Saturday, July 15, 2006

So long, Iraq

This will very likely be the last entry for this deployment.

Five of the twenty people in my unit are already back in the States. Two had to leave early because of family problems, the other three are our advance party who are supposed to help our de-mobilization in Fort Bliss. The rest of us have been hanging out in Camp
Ali Al-Saleem, Kuwait for the last few days waiting for a flight home. Say: Ali Al-Saleem. Rolls right off the tongue, doesn't it?

Life down here has been sluggish and boring, but not as hot as when I was here in August. Thompson, Poland, Robicheau and I discovered a USO building where it was possible to play Halo 2 all day if you didn't mind waiting or crouching around a small screen. We didn't.

I think Ali Al-Saleem has to take the cake for the most laid back US base in the Middle East. Not even Anaconda (called "Shamaconda") comes close. Everyone here is in transit to or from R&R or to or from a deployment. The officers return salutes half-heartedly and some people slouch around in civilian clothes. Why not? Who cares? Myself I went without shaving yesterday and it was liberating.

Hopefully the freedom bird will come in tonight and I will soon be able to enjoy more freedoms in the good ol' U.S.A. Hooah.

Monday, July 03, 2006

All hail Sheik Spencer


Salaam.

For those of you who are not Middle East scholars like I am, “salaam” is the Arabic word for “peace.” When accompanied by a hand-over-heart gesture, it can mean “hello” or “goodbye.”

Over the course of this deployment, I’ve picked up on several Arabic words and phrases, some useful, some…well….not. “Shway-Shway” means step-by-step. “Shukran” means “thank you.” “Jundi” means “soldier.” “Mongoli” is an insult the jundis throw around that is similar to the American word “fag.”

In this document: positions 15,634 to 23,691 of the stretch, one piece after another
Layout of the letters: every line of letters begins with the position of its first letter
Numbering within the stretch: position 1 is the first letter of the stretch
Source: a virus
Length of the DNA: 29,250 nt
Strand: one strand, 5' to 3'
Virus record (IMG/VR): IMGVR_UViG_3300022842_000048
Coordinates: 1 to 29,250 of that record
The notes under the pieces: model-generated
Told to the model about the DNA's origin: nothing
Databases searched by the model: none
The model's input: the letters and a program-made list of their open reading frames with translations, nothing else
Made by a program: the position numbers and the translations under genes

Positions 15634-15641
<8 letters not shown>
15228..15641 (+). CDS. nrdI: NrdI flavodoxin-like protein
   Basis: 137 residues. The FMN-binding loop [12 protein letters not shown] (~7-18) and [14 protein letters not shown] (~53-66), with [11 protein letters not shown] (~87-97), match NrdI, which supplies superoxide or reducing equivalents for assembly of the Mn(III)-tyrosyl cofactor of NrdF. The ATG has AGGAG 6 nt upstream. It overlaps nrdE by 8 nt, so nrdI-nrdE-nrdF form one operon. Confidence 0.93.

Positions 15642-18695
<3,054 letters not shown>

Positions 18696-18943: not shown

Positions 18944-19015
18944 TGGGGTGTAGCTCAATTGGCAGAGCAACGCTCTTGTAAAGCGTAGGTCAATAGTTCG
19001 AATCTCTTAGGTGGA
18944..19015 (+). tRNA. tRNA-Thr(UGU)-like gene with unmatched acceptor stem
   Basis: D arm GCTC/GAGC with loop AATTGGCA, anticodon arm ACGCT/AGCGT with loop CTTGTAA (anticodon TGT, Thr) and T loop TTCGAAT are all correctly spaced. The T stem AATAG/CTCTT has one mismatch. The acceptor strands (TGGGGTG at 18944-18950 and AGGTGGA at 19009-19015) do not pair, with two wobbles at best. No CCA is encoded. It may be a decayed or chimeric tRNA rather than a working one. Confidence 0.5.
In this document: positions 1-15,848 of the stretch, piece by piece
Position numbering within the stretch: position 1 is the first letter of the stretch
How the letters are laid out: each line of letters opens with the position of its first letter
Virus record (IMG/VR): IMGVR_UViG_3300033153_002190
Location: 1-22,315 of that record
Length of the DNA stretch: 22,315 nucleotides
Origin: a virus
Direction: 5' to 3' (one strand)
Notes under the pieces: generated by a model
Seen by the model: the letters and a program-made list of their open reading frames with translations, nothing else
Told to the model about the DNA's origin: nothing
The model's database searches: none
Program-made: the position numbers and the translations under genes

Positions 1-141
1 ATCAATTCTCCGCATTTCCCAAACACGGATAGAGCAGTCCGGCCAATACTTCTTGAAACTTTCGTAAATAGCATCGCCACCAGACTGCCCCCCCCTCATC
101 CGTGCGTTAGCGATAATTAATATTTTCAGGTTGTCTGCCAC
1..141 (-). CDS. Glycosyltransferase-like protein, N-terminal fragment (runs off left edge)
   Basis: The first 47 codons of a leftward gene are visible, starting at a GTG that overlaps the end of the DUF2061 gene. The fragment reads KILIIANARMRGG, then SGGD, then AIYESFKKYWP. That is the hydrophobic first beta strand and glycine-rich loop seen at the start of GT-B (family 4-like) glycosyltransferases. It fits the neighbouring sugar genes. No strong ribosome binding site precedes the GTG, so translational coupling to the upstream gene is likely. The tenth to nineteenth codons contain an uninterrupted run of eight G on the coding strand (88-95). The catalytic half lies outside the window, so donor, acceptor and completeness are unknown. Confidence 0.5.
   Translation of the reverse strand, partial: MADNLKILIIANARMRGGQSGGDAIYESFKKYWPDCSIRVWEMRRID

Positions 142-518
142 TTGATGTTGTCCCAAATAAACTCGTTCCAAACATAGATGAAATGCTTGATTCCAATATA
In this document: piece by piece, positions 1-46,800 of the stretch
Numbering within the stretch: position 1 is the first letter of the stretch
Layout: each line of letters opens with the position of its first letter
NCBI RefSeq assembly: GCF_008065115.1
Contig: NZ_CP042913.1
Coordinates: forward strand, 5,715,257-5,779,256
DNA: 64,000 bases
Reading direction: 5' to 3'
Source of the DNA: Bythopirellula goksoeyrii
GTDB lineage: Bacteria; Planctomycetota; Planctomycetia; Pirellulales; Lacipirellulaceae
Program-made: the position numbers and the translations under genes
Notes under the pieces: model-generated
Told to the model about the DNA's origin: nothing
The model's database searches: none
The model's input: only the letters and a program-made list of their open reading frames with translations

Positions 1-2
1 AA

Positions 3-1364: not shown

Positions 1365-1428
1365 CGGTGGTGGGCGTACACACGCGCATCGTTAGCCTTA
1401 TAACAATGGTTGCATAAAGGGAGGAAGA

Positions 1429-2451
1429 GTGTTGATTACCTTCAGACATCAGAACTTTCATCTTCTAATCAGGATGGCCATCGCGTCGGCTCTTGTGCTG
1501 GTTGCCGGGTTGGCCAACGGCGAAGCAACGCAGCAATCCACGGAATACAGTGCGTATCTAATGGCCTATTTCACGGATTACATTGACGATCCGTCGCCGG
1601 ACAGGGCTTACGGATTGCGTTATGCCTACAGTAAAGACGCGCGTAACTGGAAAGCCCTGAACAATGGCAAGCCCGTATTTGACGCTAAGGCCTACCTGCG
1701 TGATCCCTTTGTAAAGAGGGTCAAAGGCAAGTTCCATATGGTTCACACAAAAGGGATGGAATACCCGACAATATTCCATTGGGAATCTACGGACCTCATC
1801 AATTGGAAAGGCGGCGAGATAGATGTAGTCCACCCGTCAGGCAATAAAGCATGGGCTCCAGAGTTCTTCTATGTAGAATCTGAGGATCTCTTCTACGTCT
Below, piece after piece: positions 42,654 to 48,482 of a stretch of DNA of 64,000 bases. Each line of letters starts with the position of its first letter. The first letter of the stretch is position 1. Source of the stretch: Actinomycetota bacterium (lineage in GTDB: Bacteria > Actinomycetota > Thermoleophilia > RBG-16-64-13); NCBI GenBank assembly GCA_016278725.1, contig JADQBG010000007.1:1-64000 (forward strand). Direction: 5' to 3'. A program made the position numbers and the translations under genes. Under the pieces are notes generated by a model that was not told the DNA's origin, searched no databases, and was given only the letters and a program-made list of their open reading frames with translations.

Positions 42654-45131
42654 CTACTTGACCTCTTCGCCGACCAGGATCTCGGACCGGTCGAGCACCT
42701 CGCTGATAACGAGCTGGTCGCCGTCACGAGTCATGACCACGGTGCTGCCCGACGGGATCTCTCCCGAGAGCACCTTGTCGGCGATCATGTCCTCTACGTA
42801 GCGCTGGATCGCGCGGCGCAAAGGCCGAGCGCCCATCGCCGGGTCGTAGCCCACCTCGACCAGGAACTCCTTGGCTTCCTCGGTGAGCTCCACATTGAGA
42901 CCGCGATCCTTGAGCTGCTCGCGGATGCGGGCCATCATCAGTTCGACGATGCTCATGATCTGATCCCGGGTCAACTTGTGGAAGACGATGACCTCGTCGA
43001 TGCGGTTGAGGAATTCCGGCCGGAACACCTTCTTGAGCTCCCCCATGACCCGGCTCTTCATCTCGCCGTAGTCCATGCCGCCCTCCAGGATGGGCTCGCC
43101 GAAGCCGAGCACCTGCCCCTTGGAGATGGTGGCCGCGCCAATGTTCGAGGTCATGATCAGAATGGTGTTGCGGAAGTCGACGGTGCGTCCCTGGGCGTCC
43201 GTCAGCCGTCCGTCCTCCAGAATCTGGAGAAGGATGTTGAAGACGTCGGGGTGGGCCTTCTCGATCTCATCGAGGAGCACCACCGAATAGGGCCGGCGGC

In the last four months I have really been serious about learning to read, write and speak Arabic. Sgt. Marshall Thompson had been trying to learn the language since before we reached Iraq and trying to convince me to join him, but I figured the attempt would be futile. Then one day, in April, I think, I found a “Beginners Arabic Script” guide while searching through a box of books donated to troops. On that particular day I was far ahead on my stories and figured “what the heck.” (“Heck,” by the way, has no Arabic translation.)

I took the book home and started copying pages of each character. I showed my work to an Iraqi interpreter who went by Gus. Gus was impressed and agreed to give me free tutorials. I only visited Gus a few times before he became too busy to give lessons, but before I left Tallil, he gave me a first grade level Arabic work book he got from the Iraqi Ministry of Education.

Since returning to LSA Anaconda, I have continued my education in Arabic. I signed up for online Rosetta Stone Language courses, available free through the Army. The going has been slow, but I’ve picked up on words for “car,” “boy,” and “airplane.” I signed up for Idaho State University’s new Arabic program though I have all my foreign language credits out of the way with Spanish. I’ve even been looking into foreign study courses in Egypt or Morocco.

Okay, so I’m not exactly a scholar yet. I’m not even sure I have a firm grasp on the letter “H,” which has six different forms depending on what letters come before it and where in the word in appears. I’ve got a long way to go, but as the Iraqis would say, “Shway-Shway.”


Picture: This is me pretending to be a civilian reporter for an Iraqi Army training exercise in Al -Kisik. I accidentally saluted a sergeant major dressed like this. He looked at me like I was smoking crack.